*I’m updating this page (March 2015)*
PH.D. PROJECT (2008-2012):
Storytelling and Identity in Online Gaming Communities. Exploring Online Culture and Communication as Narrative Practices.
This dissertation focuses on narrative practices and user-creativity in online gaming communities. Having studied World of Warcraft player communities in particular, I have found that storytelling on these sites is an important part of a process of making sense of experiences in and surrounding the activity of gaming, and that the stories told within player communities contribute to create and sustain meaningful identities for the individual player as well as groups of players.
My approach to the subject is shaped by literary hermeneutics and narrative theory. In the dissertation, I argue that in order to understand why, how and to what effect people tell stories to each other online, we can benefit from applying the theoretical concept mimesis, which concerns the relationship between the aesthetical representation of reality and the experience of that reality. In this I am especially inspired by Paul Ricoeur’s understanding of mimesis as designating an activity by which we construct meaning out of our experience of reality by resignifying it through narratives.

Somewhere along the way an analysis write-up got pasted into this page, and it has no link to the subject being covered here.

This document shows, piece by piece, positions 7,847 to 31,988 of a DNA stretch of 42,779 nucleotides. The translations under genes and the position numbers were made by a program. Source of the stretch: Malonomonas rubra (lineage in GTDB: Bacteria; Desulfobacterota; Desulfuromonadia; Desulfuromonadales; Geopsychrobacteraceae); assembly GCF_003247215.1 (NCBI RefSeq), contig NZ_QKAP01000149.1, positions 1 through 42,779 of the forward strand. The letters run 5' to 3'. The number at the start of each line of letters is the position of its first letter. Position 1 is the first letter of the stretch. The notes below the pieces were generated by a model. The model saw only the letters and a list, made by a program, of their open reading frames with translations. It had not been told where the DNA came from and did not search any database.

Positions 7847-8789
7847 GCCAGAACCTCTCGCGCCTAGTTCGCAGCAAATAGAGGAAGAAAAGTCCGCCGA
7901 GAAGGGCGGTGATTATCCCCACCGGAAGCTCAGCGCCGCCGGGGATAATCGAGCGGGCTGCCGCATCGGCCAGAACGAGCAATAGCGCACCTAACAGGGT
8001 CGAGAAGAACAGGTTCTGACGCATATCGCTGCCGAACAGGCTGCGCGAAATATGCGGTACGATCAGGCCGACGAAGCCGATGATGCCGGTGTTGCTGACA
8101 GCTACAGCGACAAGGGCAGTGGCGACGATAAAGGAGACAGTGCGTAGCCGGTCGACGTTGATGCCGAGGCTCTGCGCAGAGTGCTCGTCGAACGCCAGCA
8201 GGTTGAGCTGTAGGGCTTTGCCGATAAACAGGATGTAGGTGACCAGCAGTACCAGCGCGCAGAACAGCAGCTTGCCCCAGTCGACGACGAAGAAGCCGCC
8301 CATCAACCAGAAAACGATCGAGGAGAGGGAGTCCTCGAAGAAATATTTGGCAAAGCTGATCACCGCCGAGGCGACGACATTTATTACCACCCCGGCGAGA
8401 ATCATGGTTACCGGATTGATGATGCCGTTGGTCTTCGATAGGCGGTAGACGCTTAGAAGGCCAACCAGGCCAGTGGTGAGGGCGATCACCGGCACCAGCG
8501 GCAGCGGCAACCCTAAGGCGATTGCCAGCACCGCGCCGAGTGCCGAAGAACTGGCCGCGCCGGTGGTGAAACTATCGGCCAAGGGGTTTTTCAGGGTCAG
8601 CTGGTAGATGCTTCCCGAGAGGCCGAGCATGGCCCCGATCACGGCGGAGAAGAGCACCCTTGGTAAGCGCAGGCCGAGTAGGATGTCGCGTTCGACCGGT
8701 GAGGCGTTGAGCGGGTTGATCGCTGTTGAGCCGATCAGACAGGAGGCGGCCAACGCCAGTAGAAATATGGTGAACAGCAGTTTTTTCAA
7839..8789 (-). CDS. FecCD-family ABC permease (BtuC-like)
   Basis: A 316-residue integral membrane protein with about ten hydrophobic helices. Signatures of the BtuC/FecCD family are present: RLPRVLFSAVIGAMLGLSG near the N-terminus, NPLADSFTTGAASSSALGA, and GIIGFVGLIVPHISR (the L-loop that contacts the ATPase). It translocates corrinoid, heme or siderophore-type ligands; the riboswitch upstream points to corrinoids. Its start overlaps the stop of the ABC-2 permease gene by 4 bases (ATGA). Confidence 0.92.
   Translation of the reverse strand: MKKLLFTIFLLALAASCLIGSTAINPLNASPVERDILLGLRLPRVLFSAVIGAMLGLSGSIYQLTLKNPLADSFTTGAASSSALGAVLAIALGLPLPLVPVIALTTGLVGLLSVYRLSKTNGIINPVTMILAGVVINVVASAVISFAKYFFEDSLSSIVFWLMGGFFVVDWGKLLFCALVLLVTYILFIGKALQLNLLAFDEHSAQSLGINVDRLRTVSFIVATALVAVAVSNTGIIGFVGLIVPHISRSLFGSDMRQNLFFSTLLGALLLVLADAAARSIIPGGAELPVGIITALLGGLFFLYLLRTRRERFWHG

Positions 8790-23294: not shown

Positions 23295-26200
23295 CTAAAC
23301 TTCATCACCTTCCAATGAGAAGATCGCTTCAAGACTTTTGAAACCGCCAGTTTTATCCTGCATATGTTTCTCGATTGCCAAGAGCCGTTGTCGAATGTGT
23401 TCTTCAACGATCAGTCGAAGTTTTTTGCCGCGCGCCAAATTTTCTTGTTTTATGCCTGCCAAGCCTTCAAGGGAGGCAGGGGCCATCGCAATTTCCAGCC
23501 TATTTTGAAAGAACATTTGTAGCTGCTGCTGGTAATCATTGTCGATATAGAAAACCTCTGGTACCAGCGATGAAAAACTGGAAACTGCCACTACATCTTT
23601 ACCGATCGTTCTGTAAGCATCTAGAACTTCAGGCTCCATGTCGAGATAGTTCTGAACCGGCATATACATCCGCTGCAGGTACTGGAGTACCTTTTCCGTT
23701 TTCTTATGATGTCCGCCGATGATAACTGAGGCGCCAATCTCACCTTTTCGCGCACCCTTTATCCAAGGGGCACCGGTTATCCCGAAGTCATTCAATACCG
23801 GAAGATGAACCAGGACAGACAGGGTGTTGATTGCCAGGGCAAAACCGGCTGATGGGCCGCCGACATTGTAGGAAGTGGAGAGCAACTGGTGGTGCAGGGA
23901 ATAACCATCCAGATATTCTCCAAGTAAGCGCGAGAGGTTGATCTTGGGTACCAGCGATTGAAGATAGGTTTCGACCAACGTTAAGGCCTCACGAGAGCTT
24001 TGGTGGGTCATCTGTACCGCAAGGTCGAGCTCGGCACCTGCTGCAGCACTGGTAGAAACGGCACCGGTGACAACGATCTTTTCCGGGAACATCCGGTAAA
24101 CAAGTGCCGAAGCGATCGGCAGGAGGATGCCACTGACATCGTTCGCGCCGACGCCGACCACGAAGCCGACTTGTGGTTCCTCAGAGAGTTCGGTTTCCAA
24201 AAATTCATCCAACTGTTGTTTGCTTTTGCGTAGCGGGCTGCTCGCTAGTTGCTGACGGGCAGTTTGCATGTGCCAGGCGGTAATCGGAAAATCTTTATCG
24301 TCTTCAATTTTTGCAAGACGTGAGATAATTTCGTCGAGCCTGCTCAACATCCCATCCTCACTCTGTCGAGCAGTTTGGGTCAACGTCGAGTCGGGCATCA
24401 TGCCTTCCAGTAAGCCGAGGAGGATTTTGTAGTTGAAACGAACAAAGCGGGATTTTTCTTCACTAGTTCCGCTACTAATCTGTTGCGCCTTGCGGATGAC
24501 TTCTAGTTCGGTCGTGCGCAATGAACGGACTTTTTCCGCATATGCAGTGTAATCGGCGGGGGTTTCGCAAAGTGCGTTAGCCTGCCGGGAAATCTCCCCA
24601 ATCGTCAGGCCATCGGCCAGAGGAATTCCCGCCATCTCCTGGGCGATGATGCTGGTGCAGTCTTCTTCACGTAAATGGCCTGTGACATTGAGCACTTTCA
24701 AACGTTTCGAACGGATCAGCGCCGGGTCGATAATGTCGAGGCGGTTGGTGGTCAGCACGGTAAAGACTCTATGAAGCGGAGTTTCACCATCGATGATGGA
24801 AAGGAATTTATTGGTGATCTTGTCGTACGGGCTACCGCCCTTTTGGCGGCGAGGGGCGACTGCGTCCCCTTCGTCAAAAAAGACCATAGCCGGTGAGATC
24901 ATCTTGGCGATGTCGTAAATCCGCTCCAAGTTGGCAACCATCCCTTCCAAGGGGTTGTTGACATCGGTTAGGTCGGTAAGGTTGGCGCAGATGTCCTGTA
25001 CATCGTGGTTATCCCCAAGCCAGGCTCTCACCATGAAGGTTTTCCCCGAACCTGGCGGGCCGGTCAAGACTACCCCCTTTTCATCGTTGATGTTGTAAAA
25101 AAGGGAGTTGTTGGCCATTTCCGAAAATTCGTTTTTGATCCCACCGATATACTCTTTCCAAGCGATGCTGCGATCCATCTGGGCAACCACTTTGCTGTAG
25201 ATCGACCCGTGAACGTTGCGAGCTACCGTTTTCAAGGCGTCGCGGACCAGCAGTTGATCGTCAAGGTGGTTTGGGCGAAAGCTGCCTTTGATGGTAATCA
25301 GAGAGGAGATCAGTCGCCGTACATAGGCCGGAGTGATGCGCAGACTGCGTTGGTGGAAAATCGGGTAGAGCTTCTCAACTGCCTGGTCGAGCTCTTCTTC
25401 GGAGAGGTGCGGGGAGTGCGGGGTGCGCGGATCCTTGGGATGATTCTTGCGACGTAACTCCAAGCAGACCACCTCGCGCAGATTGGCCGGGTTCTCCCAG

My investigation is primarily based on textual analysis of narrative texts written by players and posted on their community websites, but set within an online ethnographic field study. Of special interest in this project is how the storytelling of players show how fiction comes to play a role in the interaction in an online group and how the imaginative creations of these players significantly contribute to identity formation for the community as well as its individual members.